If you’re interested in a Buick or a GMC, it is almost a certainty you’ll be able to start your negotiations at invoice pricing. The SFE bonuses are paid on a per-make basis, meaning that a Buick/GMC dealer might be doing fine on its GMC numbers, but if it falls short of its Buick goal, they’re not getting the loot. That might explain why your dealer is much more willing to make an attractive deal for you on an Enclave than an Acadia right now.

So, if you’re really looking to get a good deal between now and the end of the year on an American car, skip that Ford Friends and Neighbors sale and head directly to your local GM dealer. If you’re really smart, you might even want to wait until the last weekend of the month, when the difference between selling or not selling that last Encore could mean thousands of dollars for that dealer.

And when you get your rip-roaring deal, be sure to silently thank your friend, Bark, for giving you the heads up.

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52 Comments on “Bark’s Bites: When Is a Sale Not a Sale? When Is Not a Sale a Sale?...”


  • avatar
    PrincipalDan

    So my local Chevy dealer, with no other GM brands in his store, may not be as desperate as my GMC/Buick dealer? Cause he’s sure selling many more GMCs than Buick anything (except Veranos) right now.

    The dealer base is going to love that. You will essentially be penalized for carrying multiple brands.

    • 0 avatar
      Scoutdude

      I’m not sure how they are being penalized for carrying multiple brands. I doubt that the number of Chevy, GMC or Buick vehicles a dealer has to move is the same across the board.

      I’d say that the multi brand dealer has the advantage. If you are at a single brand store and you miss your goal you get nothing. At a multi brand dealer you may make it with one brand and not the other so you still get money.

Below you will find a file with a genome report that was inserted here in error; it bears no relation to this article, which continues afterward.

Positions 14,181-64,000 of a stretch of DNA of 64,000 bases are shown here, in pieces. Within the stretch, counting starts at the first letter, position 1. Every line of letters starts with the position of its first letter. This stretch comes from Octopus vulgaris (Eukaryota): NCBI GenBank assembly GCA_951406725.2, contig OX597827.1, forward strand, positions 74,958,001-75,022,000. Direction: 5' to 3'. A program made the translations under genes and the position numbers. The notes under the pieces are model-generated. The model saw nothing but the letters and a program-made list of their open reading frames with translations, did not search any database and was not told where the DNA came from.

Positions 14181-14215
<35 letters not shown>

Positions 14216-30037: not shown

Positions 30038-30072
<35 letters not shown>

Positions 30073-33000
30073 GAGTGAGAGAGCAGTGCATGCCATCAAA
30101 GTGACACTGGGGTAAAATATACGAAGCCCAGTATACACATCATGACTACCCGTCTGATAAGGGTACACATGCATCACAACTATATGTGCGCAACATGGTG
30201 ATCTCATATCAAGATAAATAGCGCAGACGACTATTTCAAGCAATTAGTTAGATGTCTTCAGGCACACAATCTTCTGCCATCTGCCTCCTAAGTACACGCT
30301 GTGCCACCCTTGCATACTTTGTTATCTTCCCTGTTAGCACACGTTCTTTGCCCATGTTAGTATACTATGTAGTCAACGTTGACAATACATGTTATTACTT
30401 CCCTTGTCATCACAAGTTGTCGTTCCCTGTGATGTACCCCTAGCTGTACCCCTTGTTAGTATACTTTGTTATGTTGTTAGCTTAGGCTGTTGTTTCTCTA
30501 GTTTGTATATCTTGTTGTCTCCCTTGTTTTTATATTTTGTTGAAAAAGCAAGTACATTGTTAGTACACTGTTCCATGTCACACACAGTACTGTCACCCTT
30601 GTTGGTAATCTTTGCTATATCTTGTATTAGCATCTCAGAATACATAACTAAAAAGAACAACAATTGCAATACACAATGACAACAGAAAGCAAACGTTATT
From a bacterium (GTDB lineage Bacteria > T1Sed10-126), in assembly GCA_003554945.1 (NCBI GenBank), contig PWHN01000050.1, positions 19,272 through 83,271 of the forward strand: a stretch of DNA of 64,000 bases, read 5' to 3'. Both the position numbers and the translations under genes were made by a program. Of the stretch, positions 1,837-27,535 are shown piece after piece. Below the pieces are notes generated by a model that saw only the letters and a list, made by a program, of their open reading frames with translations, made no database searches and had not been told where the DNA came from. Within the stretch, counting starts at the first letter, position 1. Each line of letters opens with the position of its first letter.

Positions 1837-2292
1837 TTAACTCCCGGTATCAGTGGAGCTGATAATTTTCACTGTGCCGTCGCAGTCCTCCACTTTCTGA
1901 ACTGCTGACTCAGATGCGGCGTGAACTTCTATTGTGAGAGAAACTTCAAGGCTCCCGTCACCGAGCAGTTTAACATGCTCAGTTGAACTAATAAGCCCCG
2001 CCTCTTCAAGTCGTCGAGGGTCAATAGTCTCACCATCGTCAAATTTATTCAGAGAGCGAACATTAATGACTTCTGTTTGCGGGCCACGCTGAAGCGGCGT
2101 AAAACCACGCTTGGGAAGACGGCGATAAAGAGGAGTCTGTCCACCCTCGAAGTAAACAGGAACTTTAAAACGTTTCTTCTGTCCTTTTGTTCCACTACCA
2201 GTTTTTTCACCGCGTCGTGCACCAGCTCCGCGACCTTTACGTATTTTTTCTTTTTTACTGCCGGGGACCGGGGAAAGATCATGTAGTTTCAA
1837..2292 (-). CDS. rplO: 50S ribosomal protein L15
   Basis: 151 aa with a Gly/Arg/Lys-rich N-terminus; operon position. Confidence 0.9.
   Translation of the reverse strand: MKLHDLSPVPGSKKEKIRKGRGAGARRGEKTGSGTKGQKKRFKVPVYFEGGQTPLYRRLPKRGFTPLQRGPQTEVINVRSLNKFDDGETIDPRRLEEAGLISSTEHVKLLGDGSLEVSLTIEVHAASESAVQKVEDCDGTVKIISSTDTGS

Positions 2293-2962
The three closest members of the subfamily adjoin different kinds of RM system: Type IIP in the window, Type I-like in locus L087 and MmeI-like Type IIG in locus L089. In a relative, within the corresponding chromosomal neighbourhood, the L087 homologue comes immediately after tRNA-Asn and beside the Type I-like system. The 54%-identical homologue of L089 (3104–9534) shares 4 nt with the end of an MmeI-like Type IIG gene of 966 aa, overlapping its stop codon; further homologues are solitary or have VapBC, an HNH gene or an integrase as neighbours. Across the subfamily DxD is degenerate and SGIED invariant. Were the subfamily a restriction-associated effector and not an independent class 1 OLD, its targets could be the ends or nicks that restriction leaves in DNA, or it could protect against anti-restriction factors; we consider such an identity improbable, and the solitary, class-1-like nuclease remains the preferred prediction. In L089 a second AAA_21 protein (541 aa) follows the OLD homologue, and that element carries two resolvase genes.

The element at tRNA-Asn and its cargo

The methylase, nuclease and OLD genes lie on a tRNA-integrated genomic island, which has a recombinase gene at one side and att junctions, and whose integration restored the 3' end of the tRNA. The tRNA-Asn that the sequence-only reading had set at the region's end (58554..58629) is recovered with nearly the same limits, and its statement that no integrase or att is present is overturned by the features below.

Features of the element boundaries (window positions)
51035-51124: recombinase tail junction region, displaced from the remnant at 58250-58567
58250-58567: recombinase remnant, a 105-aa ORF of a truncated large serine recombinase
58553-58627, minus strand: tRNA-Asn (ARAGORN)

• 0 avatar
        PrincipalDan

        The SFE bonuses are paid on a per-make basis, meaning that a Buick/GMC dealer might be doing fine on its GMC numbers, but if it falls short of its Buick goal, they’re not getting the loot.

        Maybe it is poorly written but it sounds like they don’t get ANY of the money if they miss one of the sales targets in a multi brand dealership.

        • 0 avatar
          Scoutdude

          To me it reads that if you meet the GMC goals you’ll get that money regardless of how you do on the Buick numbers. That is why it is broken down by brand and not just a total number per dealer.

  • avatar
    28-Cars-Later

    Good practical piece, Bark.

  • avatar
    eggsalad

    Right now, Buick is offering a serious lease deal on leftover ’15 Encores.

    $175 down, $175/mo. for 24 months.

    So I went and drove one. Really not bad, and something I could see myself driving for 2 years.

    Then out came the numbers… and the qualifications, none of which I met.

    So instead of $175 * 25 (about $4100)… I wound up with $1000 down, $250/mo. Changes it from a $4100 deal to a $7000 deal and thus, no deal.

    If you somehow manage to meet all their qualifications, it’s not at all a bad deal on not at all a bad car.

    • 0 avatar
      RideHeight